§ 1332(a)(1). They stated in their notice of removal that “there had been no proceedings
in this action in the Circuit Court of the County of St. Louis, Missouri nor have any of the
named Defendants filed responsive pleadings or otherwise pleaded to Plaintiffs’
petition.” (Doc. No. 1.)
The Biomet Defendants further asserted in their notice of removal that there was
complete diversity in this case because Kindred and Haque were misjoined in the action
and therefore Haque’s Missouri citizenship is irrelevant for removal purposes. They
argue that Plaintiffs’ claims against Kindred and Haque were misjoined because those
claims are factually and legally distinct from the claims against the Biomet Defendants,
and thus fail to meet the permissive joinder requirements of Federal Rule of Civil
Procedure 20(a)(2). The Biomet Defendants argue that the Court should sever Plaintiffs’
claims against Kindred and Haque from Plaintiffs’ claims against the Biomet Defendants
pursuant to Rule 21, and dismiss Kindred and Haque without prejudice or remand the
claims against Kindred and Haque to state court. This would leave this Court with
diversity jurisdiction over the products liability claims. Kindred consented to removal on
April 28, 2014.
For remand, Plaintiffs argue that pursuant to the federal permissive joinder rules,
Plaintiffs are allowed to join all the named Defendants because Plaintiffs’ claims for
relief against them arise out of the same transactions or occurrences and give rise to
common questions of law or fact as required by Rule 20(a)(2). Plaintiffs explain that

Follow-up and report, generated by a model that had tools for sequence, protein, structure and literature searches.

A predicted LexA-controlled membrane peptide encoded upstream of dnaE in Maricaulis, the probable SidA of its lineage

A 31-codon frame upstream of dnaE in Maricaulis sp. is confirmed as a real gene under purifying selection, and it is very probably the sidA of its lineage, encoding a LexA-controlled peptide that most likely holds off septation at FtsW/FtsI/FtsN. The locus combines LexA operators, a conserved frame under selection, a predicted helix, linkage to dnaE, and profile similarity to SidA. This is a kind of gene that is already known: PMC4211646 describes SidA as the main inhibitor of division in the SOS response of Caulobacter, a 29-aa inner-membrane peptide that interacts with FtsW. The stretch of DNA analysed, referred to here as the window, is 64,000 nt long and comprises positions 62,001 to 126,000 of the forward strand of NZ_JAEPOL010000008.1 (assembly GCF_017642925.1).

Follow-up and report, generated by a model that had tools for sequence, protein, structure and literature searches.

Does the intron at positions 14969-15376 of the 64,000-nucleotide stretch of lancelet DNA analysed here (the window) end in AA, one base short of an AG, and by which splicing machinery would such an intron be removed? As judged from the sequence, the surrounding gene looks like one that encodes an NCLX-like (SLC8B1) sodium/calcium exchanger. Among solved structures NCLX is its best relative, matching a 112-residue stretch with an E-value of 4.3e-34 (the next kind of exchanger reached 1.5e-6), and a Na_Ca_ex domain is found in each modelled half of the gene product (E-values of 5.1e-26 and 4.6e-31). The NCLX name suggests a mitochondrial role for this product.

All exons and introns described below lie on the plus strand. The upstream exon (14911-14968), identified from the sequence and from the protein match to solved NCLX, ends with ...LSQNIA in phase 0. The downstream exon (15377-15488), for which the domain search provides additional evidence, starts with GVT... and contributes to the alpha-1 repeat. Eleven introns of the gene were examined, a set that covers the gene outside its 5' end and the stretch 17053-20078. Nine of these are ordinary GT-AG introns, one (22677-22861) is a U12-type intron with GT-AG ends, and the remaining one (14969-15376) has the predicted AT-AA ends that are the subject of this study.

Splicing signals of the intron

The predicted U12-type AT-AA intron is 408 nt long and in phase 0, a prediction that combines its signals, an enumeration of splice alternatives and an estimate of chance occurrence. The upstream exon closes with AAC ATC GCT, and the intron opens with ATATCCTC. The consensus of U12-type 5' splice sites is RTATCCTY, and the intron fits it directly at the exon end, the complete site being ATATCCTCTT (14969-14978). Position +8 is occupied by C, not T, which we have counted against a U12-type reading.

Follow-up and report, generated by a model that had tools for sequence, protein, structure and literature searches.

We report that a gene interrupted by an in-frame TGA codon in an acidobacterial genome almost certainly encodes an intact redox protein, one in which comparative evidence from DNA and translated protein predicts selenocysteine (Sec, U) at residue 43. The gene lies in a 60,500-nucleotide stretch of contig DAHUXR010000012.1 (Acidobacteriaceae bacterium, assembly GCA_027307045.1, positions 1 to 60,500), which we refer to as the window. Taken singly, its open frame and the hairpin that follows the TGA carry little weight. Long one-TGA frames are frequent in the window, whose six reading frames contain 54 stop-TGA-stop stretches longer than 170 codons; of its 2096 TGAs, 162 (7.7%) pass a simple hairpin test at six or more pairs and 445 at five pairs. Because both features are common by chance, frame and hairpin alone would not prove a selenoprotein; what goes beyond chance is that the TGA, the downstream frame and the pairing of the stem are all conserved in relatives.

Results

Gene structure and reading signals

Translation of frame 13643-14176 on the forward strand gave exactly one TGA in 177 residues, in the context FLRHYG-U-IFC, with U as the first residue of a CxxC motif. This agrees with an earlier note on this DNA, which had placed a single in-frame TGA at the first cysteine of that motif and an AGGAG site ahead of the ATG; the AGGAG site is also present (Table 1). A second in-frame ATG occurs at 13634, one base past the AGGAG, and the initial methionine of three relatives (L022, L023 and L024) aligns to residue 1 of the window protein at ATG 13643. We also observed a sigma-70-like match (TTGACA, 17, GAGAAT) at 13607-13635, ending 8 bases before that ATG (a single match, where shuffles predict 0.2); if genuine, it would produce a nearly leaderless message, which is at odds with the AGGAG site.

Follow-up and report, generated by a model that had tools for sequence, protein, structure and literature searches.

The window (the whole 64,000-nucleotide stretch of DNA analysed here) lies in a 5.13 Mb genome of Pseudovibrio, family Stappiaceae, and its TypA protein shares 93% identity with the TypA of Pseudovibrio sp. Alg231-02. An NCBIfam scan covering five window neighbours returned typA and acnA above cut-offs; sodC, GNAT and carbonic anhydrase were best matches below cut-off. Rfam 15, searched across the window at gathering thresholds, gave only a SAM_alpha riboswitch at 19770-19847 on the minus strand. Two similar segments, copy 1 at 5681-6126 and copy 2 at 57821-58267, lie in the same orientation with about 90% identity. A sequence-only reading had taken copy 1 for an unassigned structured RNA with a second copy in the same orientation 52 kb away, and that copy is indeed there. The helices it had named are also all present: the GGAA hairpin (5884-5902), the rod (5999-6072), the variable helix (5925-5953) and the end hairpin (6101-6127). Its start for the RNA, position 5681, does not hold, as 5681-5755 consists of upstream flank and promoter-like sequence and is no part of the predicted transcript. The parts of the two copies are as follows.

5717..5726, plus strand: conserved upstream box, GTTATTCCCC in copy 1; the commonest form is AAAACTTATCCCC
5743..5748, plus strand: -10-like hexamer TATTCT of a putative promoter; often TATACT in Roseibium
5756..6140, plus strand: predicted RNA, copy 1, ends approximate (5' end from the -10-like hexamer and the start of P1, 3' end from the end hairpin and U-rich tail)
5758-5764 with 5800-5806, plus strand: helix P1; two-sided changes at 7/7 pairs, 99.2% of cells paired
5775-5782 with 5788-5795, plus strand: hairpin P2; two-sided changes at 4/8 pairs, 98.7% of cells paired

Peter Rolfe was prescribed and injected with the Lovenox in his left thigh when he was
hospitalized after having the reverse shoulder system removed from his left shoulder.
They explain that the Lovenex injection was part of “postoperative treatment” made
necessary by the Biomet Defendants’ “improper acts,” and that it caused Peter Rolfe
extreme pain, extended his need for medical care, and prolonged his recovery time.
Plaintiffs state that misjoinder has not been recognized by the Eighth Circuit as a
basis for removal without a showing of “egregious” misjoinder. They argue that the
Court should not sever the claims because severance will cause unjust prejudice to
Plaintiffs forcing them to litigate two separate actions regarding the same events, and
may lead to inconsistent judgments. Plaintiffs note that without severance of the claims,
there is not complete diversity, and thus the entire case should be remanded.
Additionally, Plaintiffs argue that their motion to remand should be granted
because the Biomet Defendants “waived” any right of removal when Kindred filed an
answer in state court prior to removal, as this made unanimous consent to removal
impossible. Plaintiffs maintain that Kindred’s consent to removal was too late and should
In further support of their motion to remand, Plaintiffs assert that the Biomet
Defendants failed to comply with Local Rule 81-2.03(4) (requiring removing defendants
to file with the notice of removal “a copy of all process, pleadings, orders and other
documents then on file in State Court”) when they did not include a copy of Kindred’s
answer with their notice of removal. They argue that this failure to comply with the
Local Rules is sufficient for remand given the strict construction of removal statutes.
In response to Plaintiffs’ motion to remand, the Biomet Defendants raise three
arguments. First, they assert, as they did in their notice of removal, that the Court should